In Jojo Rabbit, a boy gives himself a pep talk in front of the mirror, preparing himself for a new day. Socks pulled up, belt tightened, check. This boy is going to be the greatest little fascist Der Führer has ever seen, and before he heads out to face a war-torn world, his imaginary friend pops into frame to give his approval. This illusory companion just so happens to be Hitler, albeit a distinctly non-Aryan representation of Hitler—he looks … Maori/Jewish?
Yes, Jojo Rabbit is that age-old Nazi comedy you’ve heard about in which Taika Waititi plays Hitler. If there were ever a time to be reminded that Nazis are bad, 2019 is probably the best moment to do it. Waititi, director of Thor: Ragnarok, valiantly attempts to take the far-right down a peg by making a mockery of the indoctrinated, and at first glance, Jojo Rabbit looks like a risky venture. But Waititi defies all expectations by making a Nazi comedy that oddly feels a hair too safe. It’s a featherlight poke at ignorance, one that’s more eager to earn tears than laughs.
That aforementioned budding German soldier is Jojo, a devoted 10-year-old member of the Hitler Youth. Waititi swiftly establishes his gullibility in the opening credits, equating Nazi fanaticism with Beatlemania as old newsreel footage of devout fascists plays set to a German rendition of “I Want To Hold Your Hand.” The message is clear: Jojo is just a deluded fan who only wants to be noticed by his idol. With Hitler by his side giving him dubious advice, he heads to a boot camp for kids to learn the essential skills like throwing knives and grenades, while the girls “learn how to get pregnant.” It’s so abundantly twee that the film feels more like a fascist Moonrise Kingdom; if anything, Waititi makes things look too enjoyable. A bright color palette and elegant production design reflect the perspective of a child who lives blind to the injustices around him, but every scene and joke leaves a sugary-sweet aftertaste that shouldn’t exist.
Young Jojo earns his titular nickname when he refuses to snap the neck of a bunny, clueing us in that this child might not be the ruthless fascist he aspires to be. His limits are further tested when he discovers that his mother (Scarlett Johansson, a warm, inviting presence as a rebel German) is hiding a Jewish girl, Elsa (Thomasin McKenzie in her best performance yet) in the walls of their home. Jojo sees a perfect opportunity to get in the Führer’s good graces by learning everything about Judaism through Elsa—like where the “Queen Jew lays her eggs”— but after developing a friendship, and later an infatuation, he discovers that, oh, maybe Jews aren’t so bad after all. Jojo Rabbit rapidly cycles through tonal shifts, leaving the Wes Anderson fairytale behind for tense stakeouts and a war-time weepy that indicates what we’re watching isn’t so radically different from the Holocaust tearjerkers it (ultimately unsuccessfully) attempts to separate itself from.
Jojo Rabbit has proudly billed itself as an “anti-hate satire,” and while I’m all for eradicating prejudice, if there’s anyone that deserves to be hated, it’s Nazis. It’s an even bigger stretch to call it a satire. Waititi has, so far, found significant success with his Kiwi brand of wholesome humor with films like What We Do in the Shadows and Hunt for the Wilderpeople, each of which finds laughter in the innocuous. But when entrenched in World War II Germany, his off-kilter comedy doesn’t quite land. The film recycles the same “Heil, Hitler!” joke too many times to count—as if great punchlines were hard to come by—and it rarely rises above making a too-basic mockery of the far-right. Jojo Rabbit isn’t so much provocative as it is the feel-good Nazi crowd-pleaser of the year.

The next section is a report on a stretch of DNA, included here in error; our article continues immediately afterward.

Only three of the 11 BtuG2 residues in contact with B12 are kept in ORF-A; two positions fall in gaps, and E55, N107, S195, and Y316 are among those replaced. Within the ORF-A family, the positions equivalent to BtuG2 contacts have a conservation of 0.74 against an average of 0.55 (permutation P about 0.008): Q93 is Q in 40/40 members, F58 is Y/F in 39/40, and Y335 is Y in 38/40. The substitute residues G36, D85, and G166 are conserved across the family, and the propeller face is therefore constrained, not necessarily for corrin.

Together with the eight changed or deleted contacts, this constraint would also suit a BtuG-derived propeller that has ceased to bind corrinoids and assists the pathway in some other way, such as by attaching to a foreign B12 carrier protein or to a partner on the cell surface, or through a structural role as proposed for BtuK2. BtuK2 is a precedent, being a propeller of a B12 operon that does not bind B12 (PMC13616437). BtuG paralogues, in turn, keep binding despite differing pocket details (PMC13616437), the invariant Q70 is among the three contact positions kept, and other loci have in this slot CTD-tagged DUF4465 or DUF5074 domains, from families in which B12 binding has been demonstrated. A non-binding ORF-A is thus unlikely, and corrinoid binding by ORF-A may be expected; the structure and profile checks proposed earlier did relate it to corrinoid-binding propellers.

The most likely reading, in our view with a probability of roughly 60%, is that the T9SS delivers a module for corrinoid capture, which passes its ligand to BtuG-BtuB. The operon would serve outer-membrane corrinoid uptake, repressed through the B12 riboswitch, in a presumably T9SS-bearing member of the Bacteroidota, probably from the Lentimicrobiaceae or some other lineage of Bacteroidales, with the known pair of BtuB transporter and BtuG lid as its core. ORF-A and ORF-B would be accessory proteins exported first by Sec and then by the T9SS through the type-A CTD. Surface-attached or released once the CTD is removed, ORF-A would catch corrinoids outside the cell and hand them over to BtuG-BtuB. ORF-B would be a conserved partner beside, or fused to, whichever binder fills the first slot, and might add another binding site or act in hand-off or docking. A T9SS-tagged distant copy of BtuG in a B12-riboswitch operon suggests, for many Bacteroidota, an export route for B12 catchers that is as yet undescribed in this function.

Look no further than the Hitler Youth leaders who are depicted as nothing more than idiotic buffoons—as if Nazis are so stupid that they just accidentally ordered the mass execution of Jews. This group includes Alfie Allen, Rebel Wilson and Sam Rockwell (who just can’t seem to stop playing racists). I get what the film is trying to achieve here: that the worst insult you can give to the alt-right is that they are all clowns. But by the time Germany’s loss turns from a likelihood to a reality, the film can’t help but succumb to a “good on both sides” narrative.
In this, Waititi’s most star-studded lineup yet, his cast does the most to compensate for the mostly one-note characters written for them. Waititi brings his trademark idiosyncrasy and pitch-perfect comedic timing to his Hitler, while Johansson is exuberant and soulful as ever. But it’s McKenzie who emerges as the film’s greatest delight as the snarky Elsa, a headstrong refugee who tries to hide her terror until she can’t any longer.
When Jojo Rabbit does elicit some laughs, they are rapturous, but the problem with the film is its heavy-handed sentimentality. By the bittersweet end (more sweet than bitter), the film has exhausted its preaching, proclaiming that the key to fixing the world is a little bit of kindness and that love is love is love is love. It’s the most surface-level provoking of right-wing ignorance, though Academy voters may very well give it Best Picture as reparations for last year’s tone-deaf winner, Green Book. Waititi launches an ambitious appeal for the trying times of today, but sincerity can only get Jojo Rabbit so far.
Everyone wants to work with director Taika Waititi—he makes hilarious, award-winning movies. But it’s the manic, genius energy Waititi brings to set that makes the likes of Chris Hemsworth, Cate Blanchett, and Tessa Thompson want to work with him.
Originally Appeared on GQ